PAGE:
For Cocktails or Cakes: Orange Liqueur

For Cocktails or Cakes: Orange Liqueur

7623e24f449c20c00e8943f6d2d220739fd2325a?w=240&h=240&fit=crop
Emma Christensen
May 9, 2012
Orange liqueurs like Cointreau and Grand Marnier have got it going on. Blend a shot or two into a top-shelf margarita and then add a few tablespoons to cake batter for an orange-y warmth. A bottle of orange liqueur in your cupboard is like liquid gold. What's your favorite brand? If you've never tried orange liqueur on its own, give it a sip next time you're mixing a cocktail. It's silky, warming, and bursting with pure orange essence. Most orange liqueurs are made from by infusing a mix of sweet and bitter orange peels into straight alcohol, much like making limoncello. Grand Marnier gets an additional depth by using brandy as the infusing medium. The same sweet-sour quality that makes orange liqueurs such a snazzy cocktail ingredient also makes them a great ingredient in the kitchen. When mixed into baked goods, orange liqueur adds just a hint of orange-y goodness. For a more powerful punch, use it in frosting or syrups. Good-quality orange liqueurs can be served all on their own as a pre-dinner aperitif or an after-dinner digestif. Feeling the urge for some orange now?! Take a look at these recipes:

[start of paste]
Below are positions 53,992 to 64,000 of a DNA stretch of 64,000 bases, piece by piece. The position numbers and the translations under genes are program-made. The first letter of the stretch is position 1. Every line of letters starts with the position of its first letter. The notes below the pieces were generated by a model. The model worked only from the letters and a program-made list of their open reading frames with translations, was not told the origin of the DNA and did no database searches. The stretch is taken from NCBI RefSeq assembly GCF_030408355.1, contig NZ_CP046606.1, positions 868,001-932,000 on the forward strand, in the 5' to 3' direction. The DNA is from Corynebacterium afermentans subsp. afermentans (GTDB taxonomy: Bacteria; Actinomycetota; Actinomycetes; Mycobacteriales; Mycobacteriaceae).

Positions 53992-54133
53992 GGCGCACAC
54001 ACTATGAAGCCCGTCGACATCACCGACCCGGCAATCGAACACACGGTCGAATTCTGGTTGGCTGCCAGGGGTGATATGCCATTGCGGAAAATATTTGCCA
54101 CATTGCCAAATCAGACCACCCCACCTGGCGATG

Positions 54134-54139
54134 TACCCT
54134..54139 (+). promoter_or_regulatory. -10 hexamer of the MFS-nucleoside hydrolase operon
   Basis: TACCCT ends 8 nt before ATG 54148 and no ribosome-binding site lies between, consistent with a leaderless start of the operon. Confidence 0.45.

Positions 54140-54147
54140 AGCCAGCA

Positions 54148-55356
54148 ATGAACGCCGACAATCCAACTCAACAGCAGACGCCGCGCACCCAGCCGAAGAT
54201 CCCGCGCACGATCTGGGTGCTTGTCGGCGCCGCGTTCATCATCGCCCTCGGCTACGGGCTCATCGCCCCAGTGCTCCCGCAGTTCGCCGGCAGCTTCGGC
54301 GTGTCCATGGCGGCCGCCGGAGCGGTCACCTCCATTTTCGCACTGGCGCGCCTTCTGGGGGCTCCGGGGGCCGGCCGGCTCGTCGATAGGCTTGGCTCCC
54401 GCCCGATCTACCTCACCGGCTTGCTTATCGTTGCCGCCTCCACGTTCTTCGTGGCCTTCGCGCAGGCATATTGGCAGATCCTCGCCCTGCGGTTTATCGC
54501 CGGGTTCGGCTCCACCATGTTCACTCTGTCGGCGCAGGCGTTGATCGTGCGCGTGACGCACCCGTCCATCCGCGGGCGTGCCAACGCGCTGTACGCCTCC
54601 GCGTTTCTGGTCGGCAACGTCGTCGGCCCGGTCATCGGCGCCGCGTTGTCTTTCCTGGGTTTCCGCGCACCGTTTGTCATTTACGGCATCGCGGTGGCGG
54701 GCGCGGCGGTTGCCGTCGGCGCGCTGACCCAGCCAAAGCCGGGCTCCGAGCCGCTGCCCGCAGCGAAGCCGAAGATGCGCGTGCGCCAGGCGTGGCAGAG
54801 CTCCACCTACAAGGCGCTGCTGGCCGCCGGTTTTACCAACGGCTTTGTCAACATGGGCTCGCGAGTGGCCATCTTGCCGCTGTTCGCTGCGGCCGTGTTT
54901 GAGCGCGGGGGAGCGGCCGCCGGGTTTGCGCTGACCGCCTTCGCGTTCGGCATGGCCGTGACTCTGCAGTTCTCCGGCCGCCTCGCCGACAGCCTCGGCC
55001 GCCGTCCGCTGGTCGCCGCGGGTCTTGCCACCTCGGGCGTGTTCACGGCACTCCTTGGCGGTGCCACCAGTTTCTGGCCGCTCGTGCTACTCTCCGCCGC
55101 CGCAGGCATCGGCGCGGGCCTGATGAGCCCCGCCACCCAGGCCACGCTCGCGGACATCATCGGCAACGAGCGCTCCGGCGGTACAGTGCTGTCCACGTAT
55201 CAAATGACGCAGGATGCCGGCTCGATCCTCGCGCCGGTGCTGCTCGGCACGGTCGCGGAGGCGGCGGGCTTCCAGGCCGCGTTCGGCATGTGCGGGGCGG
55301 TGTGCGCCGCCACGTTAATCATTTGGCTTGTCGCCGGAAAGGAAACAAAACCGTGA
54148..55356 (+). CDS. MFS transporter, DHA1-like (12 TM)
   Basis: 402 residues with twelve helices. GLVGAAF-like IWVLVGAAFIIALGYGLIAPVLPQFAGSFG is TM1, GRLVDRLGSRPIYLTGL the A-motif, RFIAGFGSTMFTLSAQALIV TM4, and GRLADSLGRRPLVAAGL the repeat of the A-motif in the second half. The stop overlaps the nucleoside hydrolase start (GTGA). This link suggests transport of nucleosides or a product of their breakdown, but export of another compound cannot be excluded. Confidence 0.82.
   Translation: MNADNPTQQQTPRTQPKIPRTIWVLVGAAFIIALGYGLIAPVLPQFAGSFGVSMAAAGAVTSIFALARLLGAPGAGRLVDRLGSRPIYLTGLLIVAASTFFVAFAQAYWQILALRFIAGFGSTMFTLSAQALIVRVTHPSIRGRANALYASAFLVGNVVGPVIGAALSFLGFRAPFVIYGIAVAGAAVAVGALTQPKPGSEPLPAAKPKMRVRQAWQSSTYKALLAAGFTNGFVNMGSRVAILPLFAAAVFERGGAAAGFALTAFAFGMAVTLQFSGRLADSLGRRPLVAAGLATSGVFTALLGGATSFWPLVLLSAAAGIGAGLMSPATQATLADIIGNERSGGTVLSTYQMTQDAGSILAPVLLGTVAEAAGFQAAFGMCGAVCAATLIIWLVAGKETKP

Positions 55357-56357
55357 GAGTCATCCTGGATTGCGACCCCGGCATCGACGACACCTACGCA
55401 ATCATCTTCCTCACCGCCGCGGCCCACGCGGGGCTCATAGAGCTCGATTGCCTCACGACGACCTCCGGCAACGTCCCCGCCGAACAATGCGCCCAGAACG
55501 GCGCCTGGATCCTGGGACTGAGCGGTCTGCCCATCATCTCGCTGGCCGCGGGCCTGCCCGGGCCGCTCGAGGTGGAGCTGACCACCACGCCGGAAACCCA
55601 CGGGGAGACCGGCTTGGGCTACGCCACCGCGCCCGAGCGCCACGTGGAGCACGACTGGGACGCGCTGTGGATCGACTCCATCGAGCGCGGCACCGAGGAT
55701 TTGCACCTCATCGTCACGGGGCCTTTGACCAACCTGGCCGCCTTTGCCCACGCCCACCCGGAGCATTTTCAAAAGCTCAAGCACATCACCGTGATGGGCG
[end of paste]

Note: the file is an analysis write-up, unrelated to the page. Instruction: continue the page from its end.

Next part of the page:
Cocktails:The Lucien Gaudin: Gin, campari, orange liqueur, and vermouthThe Knicker Twist: Vodka, orange liqueur, lime, and apricot jamPoinsettia: Cranberry juice, sparkling white wine, and orange liqueurThe Golden Dream: Orange liqueur, Galliano, orange juice, and creamAll About Margaritas: Tequila, orange liqueur, and lime juice Other Recipes:Blood Orange SyllabubPumpkin Chiffon PieTarte Aux PommesHow to Make a Sweet Bread PuddingSustainable Seafood Stew
What's your favorite brand of orange liqueur and what do you make with it? Related: Make It Now, Gift It Later: Crema di Limoncello (Image: Emma Christensen)
Created with Sketch.